The image below shows you a before (left) and after (right) shot. What I always find amazing after correcting the colour is how bad the original actually looked (but i wasn’t aware of it). Your eyes have something called local colour adaptation (from memory) which means if you brain knows what the colours are (like skin tones or white), then the your brain will will “see” those colours (even if they are not right).

I have found this “recipe” really helps me get my skin tones in the right ballpark… and then it is pretty easy to fine tune it from here.

Happy New Year.


Xmas Portraits

28 12 2007

OK… Wife wanted pictures of the kids this Xmas… about time I stopped taking pictures of the sea and took some of the family…. OK OK… I guess I better have a go at turning out some half-decent portraits.

I decided to stay away from the typical Xmas portrait and instead take some more radical shots of the kids doing what kids do best… playing.

Here’s the first in a series of 3 portraits. Middle son Tim who got a skateboard for Xmas.

Tim Skateboarding Portrait

Here’s how I shot this.

The Capture:

Put him in the sun which was lighting him from the back (see shadows on the ground in background).

I sat on the ground with my 12-24mm lens… set at 12mm. My other son held my Nikon SB600 flash that was connected by a cable… He was about 1 foot to my left (almost opposite the sun).

Tim did a few jumps and it wasn’t too hard to capture him in mid flight. I wanted the flash to punch in very hard and very low… I wasn’t after a soft portrait.

The Processing:

I did a dual conversion (one for clouds and one for Tim)

and then blended the two images together (in much the same way as I did the Martian rock processing described in detail earlier.

I colour corrected for the blue of the flash using curves (I found a really cool “recipe” for colour balancing skin tones… works like a treat). If anyone is interested, drop me a note and maybe I’ll post the recipe here.

Then I merged the visible layers into a new composite layer (create new layer) then highlight this layer and “Merge Visible” Ctrl+Shift+Alt+E

Then I did a Bleach bypass effect to create the edgy look. To create this effect, the first step is to do a black and white conversion and put this b&w image on the top of layer stack. Use whatever B&W conversion method you prefer. I used Alien Skin Exposure.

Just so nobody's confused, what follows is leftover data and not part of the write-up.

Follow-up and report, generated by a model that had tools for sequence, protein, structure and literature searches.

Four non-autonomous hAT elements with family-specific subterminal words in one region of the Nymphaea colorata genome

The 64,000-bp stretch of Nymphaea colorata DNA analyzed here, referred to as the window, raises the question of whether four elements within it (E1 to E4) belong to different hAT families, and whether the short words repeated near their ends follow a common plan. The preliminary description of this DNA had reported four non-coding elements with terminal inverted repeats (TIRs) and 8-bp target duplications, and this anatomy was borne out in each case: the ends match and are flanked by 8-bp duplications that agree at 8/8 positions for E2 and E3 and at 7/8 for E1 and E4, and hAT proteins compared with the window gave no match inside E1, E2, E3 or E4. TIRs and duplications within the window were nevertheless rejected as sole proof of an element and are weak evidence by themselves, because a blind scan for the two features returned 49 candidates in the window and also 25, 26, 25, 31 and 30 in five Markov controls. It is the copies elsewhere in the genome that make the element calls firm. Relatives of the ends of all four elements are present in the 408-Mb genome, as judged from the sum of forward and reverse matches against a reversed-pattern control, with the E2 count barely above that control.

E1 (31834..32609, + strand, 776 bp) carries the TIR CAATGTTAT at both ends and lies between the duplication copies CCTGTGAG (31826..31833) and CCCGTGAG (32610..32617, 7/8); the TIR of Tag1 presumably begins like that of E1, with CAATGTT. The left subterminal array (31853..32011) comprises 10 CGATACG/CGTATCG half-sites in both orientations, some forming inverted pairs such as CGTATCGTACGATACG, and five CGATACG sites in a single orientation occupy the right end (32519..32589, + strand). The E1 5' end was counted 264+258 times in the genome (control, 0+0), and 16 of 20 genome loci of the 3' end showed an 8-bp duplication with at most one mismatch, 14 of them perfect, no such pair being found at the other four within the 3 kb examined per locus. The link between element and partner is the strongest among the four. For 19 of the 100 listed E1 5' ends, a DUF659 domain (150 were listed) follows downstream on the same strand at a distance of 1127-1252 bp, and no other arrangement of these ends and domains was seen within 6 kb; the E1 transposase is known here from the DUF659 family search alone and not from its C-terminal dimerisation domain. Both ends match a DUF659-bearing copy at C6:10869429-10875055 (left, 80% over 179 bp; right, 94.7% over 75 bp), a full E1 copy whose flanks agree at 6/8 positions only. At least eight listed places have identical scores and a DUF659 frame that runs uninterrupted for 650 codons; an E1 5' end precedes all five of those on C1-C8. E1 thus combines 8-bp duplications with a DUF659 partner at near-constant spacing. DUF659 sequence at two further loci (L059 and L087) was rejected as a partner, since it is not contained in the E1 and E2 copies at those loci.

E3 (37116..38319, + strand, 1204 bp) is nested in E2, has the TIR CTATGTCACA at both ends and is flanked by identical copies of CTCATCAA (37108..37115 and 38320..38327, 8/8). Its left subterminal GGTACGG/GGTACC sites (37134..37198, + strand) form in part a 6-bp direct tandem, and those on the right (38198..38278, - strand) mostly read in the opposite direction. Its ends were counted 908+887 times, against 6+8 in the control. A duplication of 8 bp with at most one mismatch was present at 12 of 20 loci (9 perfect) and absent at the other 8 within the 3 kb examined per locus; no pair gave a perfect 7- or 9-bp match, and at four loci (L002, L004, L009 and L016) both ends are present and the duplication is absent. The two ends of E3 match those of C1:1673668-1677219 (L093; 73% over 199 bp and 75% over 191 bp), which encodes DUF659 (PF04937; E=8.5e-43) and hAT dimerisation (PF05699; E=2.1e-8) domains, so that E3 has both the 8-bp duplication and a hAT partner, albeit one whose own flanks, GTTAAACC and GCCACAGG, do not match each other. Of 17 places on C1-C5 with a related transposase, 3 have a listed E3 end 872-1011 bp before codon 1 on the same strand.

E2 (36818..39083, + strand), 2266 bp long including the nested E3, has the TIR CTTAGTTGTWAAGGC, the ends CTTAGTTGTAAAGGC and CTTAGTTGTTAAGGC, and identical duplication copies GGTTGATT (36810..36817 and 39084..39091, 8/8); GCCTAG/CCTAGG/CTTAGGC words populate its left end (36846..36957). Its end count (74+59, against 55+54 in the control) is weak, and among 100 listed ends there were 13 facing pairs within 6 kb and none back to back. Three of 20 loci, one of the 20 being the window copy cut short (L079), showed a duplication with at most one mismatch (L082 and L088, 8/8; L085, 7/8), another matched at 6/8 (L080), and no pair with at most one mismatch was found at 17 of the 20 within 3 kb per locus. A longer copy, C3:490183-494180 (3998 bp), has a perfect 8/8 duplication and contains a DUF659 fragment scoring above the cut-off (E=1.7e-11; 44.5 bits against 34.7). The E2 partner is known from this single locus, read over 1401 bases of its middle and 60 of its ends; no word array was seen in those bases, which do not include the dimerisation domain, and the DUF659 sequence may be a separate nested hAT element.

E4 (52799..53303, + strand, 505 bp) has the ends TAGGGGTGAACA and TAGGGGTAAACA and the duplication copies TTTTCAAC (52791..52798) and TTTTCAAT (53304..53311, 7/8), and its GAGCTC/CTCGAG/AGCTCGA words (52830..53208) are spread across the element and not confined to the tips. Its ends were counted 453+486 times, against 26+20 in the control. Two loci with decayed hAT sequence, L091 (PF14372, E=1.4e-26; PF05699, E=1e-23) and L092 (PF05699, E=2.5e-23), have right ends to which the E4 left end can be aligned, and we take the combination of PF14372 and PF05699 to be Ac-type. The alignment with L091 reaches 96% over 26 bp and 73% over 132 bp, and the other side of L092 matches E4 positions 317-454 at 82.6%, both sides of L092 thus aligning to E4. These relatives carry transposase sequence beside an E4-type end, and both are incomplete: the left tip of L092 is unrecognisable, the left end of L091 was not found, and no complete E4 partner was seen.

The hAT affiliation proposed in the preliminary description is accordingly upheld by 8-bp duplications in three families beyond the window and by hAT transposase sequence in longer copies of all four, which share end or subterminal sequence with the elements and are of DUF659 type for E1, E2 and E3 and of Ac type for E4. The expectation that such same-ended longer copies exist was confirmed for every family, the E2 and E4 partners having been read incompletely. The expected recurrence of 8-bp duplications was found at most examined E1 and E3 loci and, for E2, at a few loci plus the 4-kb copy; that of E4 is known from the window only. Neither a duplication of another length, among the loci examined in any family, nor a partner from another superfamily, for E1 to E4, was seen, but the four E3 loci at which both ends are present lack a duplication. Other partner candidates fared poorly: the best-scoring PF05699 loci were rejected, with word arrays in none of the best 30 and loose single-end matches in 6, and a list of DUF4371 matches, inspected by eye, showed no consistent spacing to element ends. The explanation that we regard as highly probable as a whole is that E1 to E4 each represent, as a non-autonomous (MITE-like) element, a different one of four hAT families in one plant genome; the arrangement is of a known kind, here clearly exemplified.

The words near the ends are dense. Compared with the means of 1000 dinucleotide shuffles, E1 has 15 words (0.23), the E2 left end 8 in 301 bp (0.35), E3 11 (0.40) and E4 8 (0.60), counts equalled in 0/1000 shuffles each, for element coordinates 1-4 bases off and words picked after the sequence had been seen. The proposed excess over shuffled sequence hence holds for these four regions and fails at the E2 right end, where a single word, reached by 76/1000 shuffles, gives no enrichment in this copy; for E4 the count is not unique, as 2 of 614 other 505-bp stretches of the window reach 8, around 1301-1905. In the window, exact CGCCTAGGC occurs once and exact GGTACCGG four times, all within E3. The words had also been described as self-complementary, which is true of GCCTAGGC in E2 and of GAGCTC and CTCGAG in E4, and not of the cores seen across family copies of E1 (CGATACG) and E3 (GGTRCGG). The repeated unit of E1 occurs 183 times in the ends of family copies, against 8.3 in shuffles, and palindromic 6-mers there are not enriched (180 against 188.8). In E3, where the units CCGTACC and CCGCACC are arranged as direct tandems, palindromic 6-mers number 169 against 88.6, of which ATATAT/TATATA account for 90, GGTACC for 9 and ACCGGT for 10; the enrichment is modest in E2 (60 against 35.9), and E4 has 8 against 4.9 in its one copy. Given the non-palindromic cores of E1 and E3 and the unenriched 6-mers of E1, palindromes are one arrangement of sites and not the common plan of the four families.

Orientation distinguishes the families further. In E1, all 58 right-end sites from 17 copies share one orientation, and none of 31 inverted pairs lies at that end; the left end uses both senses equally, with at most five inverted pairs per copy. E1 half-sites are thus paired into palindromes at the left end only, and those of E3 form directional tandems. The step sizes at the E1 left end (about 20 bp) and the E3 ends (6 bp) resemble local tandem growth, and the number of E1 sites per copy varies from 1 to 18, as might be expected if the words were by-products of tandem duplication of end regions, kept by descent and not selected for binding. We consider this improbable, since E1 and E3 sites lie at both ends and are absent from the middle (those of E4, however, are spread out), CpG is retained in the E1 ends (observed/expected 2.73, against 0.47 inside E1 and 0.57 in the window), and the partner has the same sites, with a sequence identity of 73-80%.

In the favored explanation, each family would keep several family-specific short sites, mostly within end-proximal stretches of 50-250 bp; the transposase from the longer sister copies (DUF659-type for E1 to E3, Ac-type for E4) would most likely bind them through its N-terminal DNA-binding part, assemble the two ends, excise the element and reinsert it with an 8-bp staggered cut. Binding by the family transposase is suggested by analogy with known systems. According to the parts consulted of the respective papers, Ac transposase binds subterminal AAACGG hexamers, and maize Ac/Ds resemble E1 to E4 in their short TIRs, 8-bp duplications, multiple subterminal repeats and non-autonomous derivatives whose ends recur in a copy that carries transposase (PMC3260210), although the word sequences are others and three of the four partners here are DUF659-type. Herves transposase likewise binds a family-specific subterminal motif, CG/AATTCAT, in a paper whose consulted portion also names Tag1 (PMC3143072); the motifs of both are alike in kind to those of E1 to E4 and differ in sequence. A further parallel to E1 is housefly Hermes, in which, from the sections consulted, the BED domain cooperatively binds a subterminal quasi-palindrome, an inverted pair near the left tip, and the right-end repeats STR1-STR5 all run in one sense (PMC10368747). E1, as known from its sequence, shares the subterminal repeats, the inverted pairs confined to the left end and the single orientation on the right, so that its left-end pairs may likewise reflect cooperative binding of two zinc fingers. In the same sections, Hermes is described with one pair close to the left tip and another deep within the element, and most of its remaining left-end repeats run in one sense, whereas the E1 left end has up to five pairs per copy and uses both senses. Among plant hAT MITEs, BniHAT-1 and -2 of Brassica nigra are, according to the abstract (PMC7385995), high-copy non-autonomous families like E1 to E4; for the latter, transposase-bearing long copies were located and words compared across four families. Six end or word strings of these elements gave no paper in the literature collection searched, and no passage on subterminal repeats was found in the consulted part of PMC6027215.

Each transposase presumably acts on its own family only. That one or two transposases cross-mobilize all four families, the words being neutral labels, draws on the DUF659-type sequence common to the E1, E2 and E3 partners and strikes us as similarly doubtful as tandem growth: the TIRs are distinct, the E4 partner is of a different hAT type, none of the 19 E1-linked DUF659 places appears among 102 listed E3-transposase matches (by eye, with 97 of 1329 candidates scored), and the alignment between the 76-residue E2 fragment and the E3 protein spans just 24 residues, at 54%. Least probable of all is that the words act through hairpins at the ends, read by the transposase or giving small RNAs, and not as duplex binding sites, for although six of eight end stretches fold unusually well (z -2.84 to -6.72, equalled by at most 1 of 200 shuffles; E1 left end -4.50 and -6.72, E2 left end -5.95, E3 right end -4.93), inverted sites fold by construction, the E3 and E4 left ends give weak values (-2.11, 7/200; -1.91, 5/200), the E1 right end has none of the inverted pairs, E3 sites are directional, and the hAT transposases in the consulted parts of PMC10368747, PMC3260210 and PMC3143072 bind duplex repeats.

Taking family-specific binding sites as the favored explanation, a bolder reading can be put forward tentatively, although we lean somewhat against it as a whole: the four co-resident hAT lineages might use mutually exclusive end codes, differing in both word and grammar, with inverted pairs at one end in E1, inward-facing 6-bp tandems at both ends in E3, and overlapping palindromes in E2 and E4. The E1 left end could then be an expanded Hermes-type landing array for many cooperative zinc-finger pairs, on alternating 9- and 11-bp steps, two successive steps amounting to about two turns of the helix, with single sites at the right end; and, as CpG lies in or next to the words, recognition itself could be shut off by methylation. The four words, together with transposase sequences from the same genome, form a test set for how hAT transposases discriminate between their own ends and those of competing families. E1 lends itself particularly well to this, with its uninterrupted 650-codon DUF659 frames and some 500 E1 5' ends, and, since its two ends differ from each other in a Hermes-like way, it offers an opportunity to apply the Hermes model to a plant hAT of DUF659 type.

Then change the blend mode of this B&W layer to overlay…. It will make the image look very edgy. You can then use the opacity slider to reduce the amount of this effect. I also used a bit of masking to reduce the effect from some of the corners (it was darkening them too much).

After that I duplicated the layer and blurred it using Gaussian Blur and then used a mask to only apply the blur to the background. I used a Gaussian Blur setting of 5 pixels. This blurring of the background further separates Tim from the background.

Final step was to apply a concrete texture to the blurred background. I went to this very cool free texture site and chose a concrete texture that I liked. Added the texture in as a new layer and then used the free transform function to stretch it to fit my picture (they are a bit small in their original form).

Once the texture is added I just changed the layer blend mode to “overlay”, apply a mask and paint with a black brush to reduce the texture on his face, arms and legs and then reduced the opacity slider on the concrete layer until the effect is not too strong.

I then created some dramatic vignetting by adding a levels adjustment layer and dragging the mid-point slider to the right (so that it read a value of 50).

This makes your whole image look like crap, so to fix this invert your mask (Ctrl+I) now your mask is all black and you can just paint with white on your mask where you would like your vignette effects to appear.

Final step was to apply some sharpening (I use Nik Sharpener).

Stay tuned for portrait number 2… Eldest son Ben playing Guitar Hero III.

Post Processing The Martian Rocks

15 12 2007

I had a number of people send thank you emails regarding some of my earlier tutorials on how I processed my images. The funny thing is that when I created this blog, to be honest I didn’t even think anybody else would find it or be interested in it, it was more of an online diary of how my own techniques have evolved over time. However I am glad that others find some of these tutorials useful.